Southwest Florida is warily watching the approach of another red tide invasion to its shores one year after a toxic algae bloom cost the tourist and fishing industry millions of dollars in losses.
While algae blooms are essentially tiny plants in the ocean that provide food for animals, harmful algal blooms, or HABs, multiply out of control, producing toxic or harmful effects for people, fish, shellfish, marine mammals and birds.
Red tide, caused by the organism Karenia brevis, occurs naturally in the Gulf of Mexico but is thought by many water quality scientists to be fed near shore by excess nutrients coming from the historic Everglades, which stretches from just south of Orlando to the Florida Keys.
Farm runoff containing nitrogen and phosphorus also feeds the bad algae and triggers explosive growth.
The Florida Fish and Wildlife Conservation Commission reports a new outgrowth of a troubling bloom along parts of the southwest Florida coast last week, particularly around Sarasota, Charlotte, Lee and Collier counties.
While this year’s bloom, so far, is not as extensive or deadly as last year’s, the outbreak is strong enough to kill various wildlife species that depend on coastal food and habitat.
“We have definitely been seeing red tide patients for several weeks now,” said Joanna Fitzgerald, director of the Conservancy of Southwest Florida’s von Arx Wildlife Hospital in Naples. “The main ones are the double-crested cormorants (seabirds). They’re the big (indicator species). When you see them stumbling along the beach, you know what’s going on.”
What is red tide? A look at how red tide sparked a state of emergency in Florida last year
In a 1996 bloom, 149 manatees died off the coast of Florida while more than 740 bottlenose dolphins died from 1987 to 1988 after eating contaminated fish, according to Smithsonian Ocean.
The bad blooms can also be an irritant for swimmers, causing eye, skin and respiratory ailments, and are particularly dangerous to consumers of tainted shellfish.
Red tide may be most severe for people with preexisting respiratory conditions, such as asthma, according to the National Oceanic and Atmospheric Administration.
Last year, Florida businesses reported nearly $150 million in losses from the killing of fish and other marine creatures that had littered beaches and drove off tourists.
The scope of a threat from red tide is how tightly the microscopic cells are concentrated in the ocean waters. The cells are normally found in concentrations of 1,000 cells per liter of water or less, which is harmless. But once it hits 10,000 cells per liter of water, fish begin to die and humans and other animals can experience breathing irritation, the Florida Fish and Wildlife Commission says.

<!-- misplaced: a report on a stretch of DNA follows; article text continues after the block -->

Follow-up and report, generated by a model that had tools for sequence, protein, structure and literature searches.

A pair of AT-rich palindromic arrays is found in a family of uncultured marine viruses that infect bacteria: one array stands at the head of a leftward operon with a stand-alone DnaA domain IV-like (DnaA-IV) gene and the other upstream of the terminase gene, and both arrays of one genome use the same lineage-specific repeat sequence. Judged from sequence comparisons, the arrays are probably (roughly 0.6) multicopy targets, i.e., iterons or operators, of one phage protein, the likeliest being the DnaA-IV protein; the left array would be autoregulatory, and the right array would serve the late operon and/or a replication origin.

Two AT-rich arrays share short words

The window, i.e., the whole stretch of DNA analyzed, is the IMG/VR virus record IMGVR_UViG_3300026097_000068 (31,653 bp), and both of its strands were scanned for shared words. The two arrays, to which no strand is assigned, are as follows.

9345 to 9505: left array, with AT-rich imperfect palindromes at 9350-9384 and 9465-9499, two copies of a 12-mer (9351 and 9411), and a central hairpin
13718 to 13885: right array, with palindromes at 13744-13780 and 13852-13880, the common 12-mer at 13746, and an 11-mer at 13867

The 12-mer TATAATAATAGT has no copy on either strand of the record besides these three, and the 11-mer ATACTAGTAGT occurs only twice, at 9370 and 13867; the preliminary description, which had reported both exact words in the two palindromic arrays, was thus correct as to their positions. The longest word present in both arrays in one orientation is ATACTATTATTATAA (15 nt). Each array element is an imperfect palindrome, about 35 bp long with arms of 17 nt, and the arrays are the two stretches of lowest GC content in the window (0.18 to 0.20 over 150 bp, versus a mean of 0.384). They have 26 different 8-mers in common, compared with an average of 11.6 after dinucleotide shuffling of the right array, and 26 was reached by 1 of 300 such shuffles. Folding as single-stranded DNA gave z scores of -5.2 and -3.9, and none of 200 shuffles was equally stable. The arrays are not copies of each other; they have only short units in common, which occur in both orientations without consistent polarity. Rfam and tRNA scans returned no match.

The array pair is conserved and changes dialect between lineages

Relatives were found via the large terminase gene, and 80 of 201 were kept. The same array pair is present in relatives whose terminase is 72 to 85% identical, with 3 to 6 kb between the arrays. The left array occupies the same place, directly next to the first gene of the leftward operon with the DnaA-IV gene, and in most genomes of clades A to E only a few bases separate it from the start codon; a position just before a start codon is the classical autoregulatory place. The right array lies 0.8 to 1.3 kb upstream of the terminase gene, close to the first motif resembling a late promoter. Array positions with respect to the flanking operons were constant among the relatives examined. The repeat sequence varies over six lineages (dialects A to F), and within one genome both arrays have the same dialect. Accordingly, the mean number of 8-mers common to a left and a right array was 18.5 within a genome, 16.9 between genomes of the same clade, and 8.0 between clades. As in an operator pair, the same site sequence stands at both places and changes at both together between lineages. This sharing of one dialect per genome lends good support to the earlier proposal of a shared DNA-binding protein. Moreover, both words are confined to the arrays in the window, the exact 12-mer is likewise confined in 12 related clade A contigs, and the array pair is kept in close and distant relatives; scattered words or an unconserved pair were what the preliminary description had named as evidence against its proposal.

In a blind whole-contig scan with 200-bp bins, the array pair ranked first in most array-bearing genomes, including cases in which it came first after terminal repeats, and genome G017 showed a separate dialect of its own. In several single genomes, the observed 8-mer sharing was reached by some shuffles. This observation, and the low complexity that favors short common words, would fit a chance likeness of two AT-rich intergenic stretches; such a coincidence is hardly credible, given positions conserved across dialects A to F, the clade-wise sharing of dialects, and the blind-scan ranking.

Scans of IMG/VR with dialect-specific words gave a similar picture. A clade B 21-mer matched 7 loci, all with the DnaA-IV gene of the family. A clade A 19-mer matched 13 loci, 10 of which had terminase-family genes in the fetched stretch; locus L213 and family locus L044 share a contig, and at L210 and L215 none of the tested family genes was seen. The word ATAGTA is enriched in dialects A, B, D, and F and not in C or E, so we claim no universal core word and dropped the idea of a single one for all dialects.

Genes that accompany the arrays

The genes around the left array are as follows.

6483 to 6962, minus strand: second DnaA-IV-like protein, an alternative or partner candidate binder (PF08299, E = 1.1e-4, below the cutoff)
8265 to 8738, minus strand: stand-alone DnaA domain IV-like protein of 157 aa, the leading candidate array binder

In last year’s red tide calamity, counts of 1 million cells per liter and higher were reported from the Tampa Bay area south to Everglades National Park.
That bloom spread as far as the east coast and Panhandle, killing millions of fish and eels, hundreds of dolphins and sea turtles, untold numbers of birds and even a 27-foot whale shark.
In Lee County – the epicenter of the bloom – the recreational fishing industry and the local tourism- and real estate-driven economy were hard hit, leaving beachfront restaurants and hotels largely empty.
The lifespan of blooms is highly unpredictable. After one moves into an area, it steadily grows and within a few weeks, can reach concentrations deadly for fish. In the development stage, winds and currents shift the bloom around and – if it moves inshore – nutrient runoff may spur its further growth.
More: Red tide appears to be strengthening along the Southwest coast
The Florida wildlife commission says a bloom can linger in coastal areas for days, weeks or even months.
Such blooms are “a national concern because they affect not only the health of people and marine ecosystems, but also the ‘health’ of local and regional economies,” according to NOAA.
In Washington, the House passed a bill in September aimed at finding a solution to the red tide plague. A Senate committee was scheduled to take up a similar bill this week.
Contributing: Chad Gillis, Fort Myers News-Press
This article originally appeared on USA TODAY: Red tide Florida: Toxic algae bloom returns to southwest beaches